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Stakes on the High Seas: The Rising Dangers of Shipping
Huge 26 foot waves crash into a cruise liner, shattering windows and sending water gushing into crowds of people where two are killed and 14 others injured. A 24-year-old woman survives to tell the story of her father being killed on their sailboat right in front of her, shot in the chest by Honduran pirates. A Phillipine SuperFerry is bombed, killing 116 people in what is considered the worst terrorist attack in maritime history. Despite modern advances like satellite navigation and tracking, high seas shipping is becoming more and more of a dangerous prospect. The number of hazards may be many, but three of the most dangerous problems rise to the top of the list.
Johnny Depp, they are not. Pirates in this day and age are not the swashbuckling, jewel clad characters we see on film. Today's pirates are trained fighters, violent and aggressive, taking to the seas in mother ships and speedboats. They are ruthless, they are desperate, and the number of attacks by pirates worldwide more than tripled in 2009 according to the International Maritime Bureau (IMB). We don't see a lot of it close to US waters (though the Honduran incident is not too far away) as most piracy is concentrated in the Indonesian archipelago. Other locations where piracy is common include off the coast of Bangladesh, Somalia, the Gulf of Aden/Red Sea, Nigeria, Tanzania and Peru.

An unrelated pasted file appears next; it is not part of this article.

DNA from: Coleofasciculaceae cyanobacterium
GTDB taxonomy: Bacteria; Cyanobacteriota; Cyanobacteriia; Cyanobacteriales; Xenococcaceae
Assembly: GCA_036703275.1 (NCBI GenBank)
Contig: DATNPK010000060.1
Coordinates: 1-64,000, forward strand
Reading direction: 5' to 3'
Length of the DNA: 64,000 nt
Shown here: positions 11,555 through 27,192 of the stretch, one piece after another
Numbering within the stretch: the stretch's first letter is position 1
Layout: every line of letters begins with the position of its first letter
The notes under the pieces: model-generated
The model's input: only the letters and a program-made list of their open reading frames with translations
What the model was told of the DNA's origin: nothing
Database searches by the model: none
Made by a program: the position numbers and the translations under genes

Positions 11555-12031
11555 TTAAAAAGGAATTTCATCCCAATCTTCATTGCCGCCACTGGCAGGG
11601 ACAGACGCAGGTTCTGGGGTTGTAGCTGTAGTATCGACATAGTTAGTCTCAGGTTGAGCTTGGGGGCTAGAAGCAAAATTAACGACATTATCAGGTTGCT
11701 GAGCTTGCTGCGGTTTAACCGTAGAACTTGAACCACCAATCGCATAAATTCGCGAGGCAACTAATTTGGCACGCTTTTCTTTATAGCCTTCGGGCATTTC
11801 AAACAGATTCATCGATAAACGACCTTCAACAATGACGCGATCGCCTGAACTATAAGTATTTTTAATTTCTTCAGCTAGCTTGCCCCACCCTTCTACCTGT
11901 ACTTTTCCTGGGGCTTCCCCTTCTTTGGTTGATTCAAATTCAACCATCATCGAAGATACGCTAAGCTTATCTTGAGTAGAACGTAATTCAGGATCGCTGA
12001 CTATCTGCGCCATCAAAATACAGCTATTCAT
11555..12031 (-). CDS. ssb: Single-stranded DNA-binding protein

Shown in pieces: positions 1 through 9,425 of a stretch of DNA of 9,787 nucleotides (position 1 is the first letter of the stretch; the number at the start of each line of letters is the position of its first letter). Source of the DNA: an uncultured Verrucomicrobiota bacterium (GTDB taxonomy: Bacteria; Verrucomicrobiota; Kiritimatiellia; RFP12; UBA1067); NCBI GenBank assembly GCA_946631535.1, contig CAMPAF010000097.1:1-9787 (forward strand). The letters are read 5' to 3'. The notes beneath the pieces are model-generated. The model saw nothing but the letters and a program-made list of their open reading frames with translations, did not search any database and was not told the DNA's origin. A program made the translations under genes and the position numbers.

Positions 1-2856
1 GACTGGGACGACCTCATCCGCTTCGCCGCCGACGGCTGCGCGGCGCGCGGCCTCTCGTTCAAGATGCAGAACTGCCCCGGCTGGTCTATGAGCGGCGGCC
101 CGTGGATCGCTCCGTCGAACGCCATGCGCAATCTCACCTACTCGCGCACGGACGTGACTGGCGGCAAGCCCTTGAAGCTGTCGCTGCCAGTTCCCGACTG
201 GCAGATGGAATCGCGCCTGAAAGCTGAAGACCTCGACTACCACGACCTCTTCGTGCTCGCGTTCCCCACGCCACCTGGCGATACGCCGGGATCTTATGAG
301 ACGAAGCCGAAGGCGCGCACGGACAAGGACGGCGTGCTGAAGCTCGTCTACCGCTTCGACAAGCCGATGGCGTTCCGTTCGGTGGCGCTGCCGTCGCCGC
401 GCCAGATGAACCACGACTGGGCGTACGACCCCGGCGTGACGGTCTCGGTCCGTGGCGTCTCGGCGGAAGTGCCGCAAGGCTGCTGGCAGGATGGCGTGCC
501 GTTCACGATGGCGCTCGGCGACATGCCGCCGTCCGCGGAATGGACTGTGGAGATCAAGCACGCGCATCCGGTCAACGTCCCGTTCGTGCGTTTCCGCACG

The causes may be a matter of some controversy, but climate change or not, there is no debate that ocean waves are becoming bigger and more powerful. Based on buoy and wind data, scientists admit the coastal waves of the Pacific Northwest and Atlantic seaboard are steadily increasing in size at a rate of about four inches a year. Over a lifetime that can be dramatic. This increase is resulting in, or a result of, unpredictable "rogue" waves that can reach heights of 100 feet or more and can overtake even large ships in a matter of seconds. Amazingly, there are estimates that say two merchant ships a month vanish without a trace, thought to have been sunk by monster waves.
Different than piracy, terrorism is based more along ideological motivations instead of finanical ones. Though high seas terrorism by the true definition is not increasing as much as piracy, it is increasing, and these sea-going jihadists are adopting pirate techniques to further spread fear. Major similarities between terrorists and pirates are that they both act outside of nation states, they both commit murders and acts of destruction against civilian property and they both can be in it for financial gain. Currently there are no concrete ties between terrorist groups and pirates, but the use of satellite phones, GPS, AK-47s, anti-tank missiles, and rocket-propelled grenades by both groups suggests a link might have become established--a scary prospect.
Voyaging on the high seas has always been dangerous, and as long as ships set sail, ships will be lost. But because of piracy, monster waves and terrorism, maritime shipping is becoming even more hazardous.
sources: articles.cnn.com, news.nationalpost.com, www.dw-world.de, securitymanagement.com, washingtonpost.com, usni.org
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